The Ontario Nature Youth Council came into the picture of Melissa’s life when she was in 7th grade – and wanted to attend the Ontario Nature Youth Summit. Despite not yet being in high school, Melissa was already keen to become involved and to meet others that were similarly invested in the environment. For the next seven years, Melissa was a part of the Ontario Nature Youth Council. She partook in various projects and events in the Greater Toronto Area, and said of the experience that it was a “great opportunity to connect with people who cared about the same topics, and feeling like my concerns for the environment were real.” It was from her active involvement in the Youth Council that Melissa was informed of Nature Canada’s Young Women for Nature mentorship initiative.  As someone that is always looking for opportunities to engage a larger network, Melissa applied for the opportunity to be a mentee, and much to her delight, was accepted. Having moved away from her hometown to pursue a Bachelor’s of Engineering degree in Chemical Engineering at McMaster, Melissa is now occupying an advisory role for the Ontario Nature Youth Council. At the same time as she is providing guidance to the council, she has been receiving guidance from her Woman for Nature mentor for her own environmental endeavors in the engineering field. Of the mentorship initiative, Melissa has said that some of the most valuable moments come from “ […] choosing to take those opportunities to build your network, and to build those connections that you can.” She highlights the importance of active involvement and shares how doing so has enabled her to acquire more knowledge, learn new skills, and grow her network. Her passion for the environment and desire to learn are encouraging. Here at Nature Canada we are very excited to hear more about Melissa’s environmental endeavors in the engineering field, and to continue to see her growth within the Young Women for Nature mentorship initiative.

Nature Canada would like to thank the Women for Nature members for generously supporting this mentorship pilot.


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Jenny Jachtorowicz: A Young Woman For Nature Mentee
Jenny
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Jenny Jachtorowicz: A Young Woman For Nature Mentee

[caption id="attachment_37466" align="alignleft" width="150"] Julie Lopez, Digital Campaign Organizer at Nature Canada.[/caption] This blog post was written by Julie Lopez, the Digital Campaign Organizer at Nature Canada. Jenny Jachtorowicz is a second year student at Carleton University, pursuing a Bachelor of Arts in Forensic Psychology. Jenny first became involved with Nature Canada as a Young Woman for Nature mentee for the Women for Nature mentorship initiative, shortly after being a member of the Youth Council with Ontario Nature. As a student of Forensic Psychology, Jenny will have a unique entry point to the environmental industry, and her Women for Nature mentor, Margaret Beckel, the Director of the Museum of Nature, has helped her connect the dots between her passion, studies and professional aspirations. Joining her love for the environment to her interest in Forensic Psychology, Jenny is looking to base her upcoming thesis on the reasoning and factors behind civil disobedience motivated by environmental concerns. The subject of environmental crime and psychology is incredibly interesting, and, with little research on its subject to date, further studies of it will make Jenny an innovator in the field. Her love for the environment, and learning in nature spurred in grade 10, when her high school collaborated with the Public Board Bronte Creek Project: Trail Program. In this program, Jenny was able to complete four high school credits in an outdoor setting. Their classes would take place in a cabin; however, they spent the remainder of their time doing work outside and in nature. This experience opened her eyes to sustainability and enabled her to get out of the traditional classroom setting.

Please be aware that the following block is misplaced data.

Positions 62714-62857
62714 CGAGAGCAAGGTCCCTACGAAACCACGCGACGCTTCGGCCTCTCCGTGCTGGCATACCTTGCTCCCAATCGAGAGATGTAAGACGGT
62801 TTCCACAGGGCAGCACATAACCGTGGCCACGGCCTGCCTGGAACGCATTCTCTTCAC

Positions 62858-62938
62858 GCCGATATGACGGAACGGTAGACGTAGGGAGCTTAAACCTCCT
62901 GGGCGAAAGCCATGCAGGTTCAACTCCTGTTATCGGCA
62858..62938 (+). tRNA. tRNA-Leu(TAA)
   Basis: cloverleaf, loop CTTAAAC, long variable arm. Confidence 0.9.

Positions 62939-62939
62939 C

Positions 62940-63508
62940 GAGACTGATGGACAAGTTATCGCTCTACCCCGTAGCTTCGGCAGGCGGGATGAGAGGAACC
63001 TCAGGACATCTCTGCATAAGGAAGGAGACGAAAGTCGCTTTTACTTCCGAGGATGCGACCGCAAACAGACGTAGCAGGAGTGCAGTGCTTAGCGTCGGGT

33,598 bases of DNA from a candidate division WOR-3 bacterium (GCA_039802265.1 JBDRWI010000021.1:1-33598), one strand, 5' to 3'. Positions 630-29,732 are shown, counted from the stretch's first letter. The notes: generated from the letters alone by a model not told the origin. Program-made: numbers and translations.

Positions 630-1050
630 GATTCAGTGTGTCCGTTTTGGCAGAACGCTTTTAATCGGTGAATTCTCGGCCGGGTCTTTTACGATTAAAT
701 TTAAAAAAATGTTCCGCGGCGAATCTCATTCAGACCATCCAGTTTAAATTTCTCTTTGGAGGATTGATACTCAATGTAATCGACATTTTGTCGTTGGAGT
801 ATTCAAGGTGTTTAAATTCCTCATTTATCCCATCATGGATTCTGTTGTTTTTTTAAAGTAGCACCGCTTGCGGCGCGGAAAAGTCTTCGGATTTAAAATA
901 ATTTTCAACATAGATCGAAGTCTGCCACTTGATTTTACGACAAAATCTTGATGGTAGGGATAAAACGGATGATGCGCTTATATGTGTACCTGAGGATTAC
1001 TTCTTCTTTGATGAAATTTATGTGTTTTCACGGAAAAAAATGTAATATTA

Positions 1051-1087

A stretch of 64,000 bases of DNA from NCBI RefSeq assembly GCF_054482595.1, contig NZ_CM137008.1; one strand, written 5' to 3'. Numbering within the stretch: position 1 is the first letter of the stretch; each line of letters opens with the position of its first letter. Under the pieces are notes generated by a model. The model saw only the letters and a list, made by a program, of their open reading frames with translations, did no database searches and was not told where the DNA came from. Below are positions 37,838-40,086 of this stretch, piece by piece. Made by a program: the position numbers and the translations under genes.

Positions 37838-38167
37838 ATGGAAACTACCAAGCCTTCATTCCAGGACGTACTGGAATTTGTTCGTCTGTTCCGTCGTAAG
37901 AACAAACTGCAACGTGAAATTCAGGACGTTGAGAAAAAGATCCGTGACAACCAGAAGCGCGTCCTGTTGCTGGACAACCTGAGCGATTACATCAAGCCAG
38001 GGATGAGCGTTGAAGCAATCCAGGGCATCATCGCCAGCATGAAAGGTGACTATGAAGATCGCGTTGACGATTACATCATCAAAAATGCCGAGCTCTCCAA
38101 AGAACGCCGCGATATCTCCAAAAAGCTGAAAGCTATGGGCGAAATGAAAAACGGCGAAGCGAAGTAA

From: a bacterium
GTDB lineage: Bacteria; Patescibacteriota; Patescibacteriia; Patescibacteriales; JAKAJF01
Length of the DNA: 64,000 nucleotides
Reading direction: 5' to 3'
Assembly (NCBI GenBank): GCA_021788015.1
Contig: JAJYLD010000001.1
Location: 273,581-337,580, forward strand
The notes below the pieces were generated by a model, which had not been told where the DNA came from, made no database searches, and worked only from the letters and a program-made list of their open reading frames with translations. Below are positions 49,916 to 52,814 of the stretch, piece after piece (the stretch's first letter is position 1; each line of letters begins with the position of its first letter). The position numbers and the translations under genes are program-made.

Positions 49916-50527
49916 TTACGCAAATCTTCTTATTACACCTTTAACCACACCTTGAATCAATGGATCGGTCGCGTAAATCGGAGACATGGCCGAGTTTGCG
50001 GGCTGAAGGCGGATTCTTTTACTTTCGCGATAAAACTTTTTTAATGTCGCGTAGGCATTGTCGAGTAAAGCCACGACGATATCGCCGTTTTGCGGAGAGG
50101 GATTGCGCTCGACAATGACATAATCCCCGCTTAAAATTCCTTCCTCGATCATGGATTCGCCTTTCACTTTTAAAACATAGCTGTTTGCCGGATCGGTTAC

As an Ontario Nature Youth Council Member

The following year, Jenny became a member of Ontario Nature’s Youth Council. Her journey with Ontario Nature began after she saw a post about their Youth Summit on social media, and was motivated to meet other people that were equally passionate about the environment.  Following the weekend retreat, she became involved with the Ontario Nature Youth Council and began her journey championing various environmental endeavors across Ontario. Over the past three years, Jenny has been involved in many projects with Ontario Nature. One of the most prominent projects was the Pollinator Project – for which Ontario Nature partnered with Bee City Canada to encourage towns, regions and cities to put forward declarations to take actions to protect spaces for pollinators. Jenny was the driving force behind making Halton, her hometown region a Bee Friendly region, and is setting her sights on making Carleton University the first ‘Bee Friendly Campus’ in the nation’s capital. [caption id="attachment_37483" align="aligncenter" width="960"] The Ontario Nature Youth Council. Photo provided by Jenny.[/caption]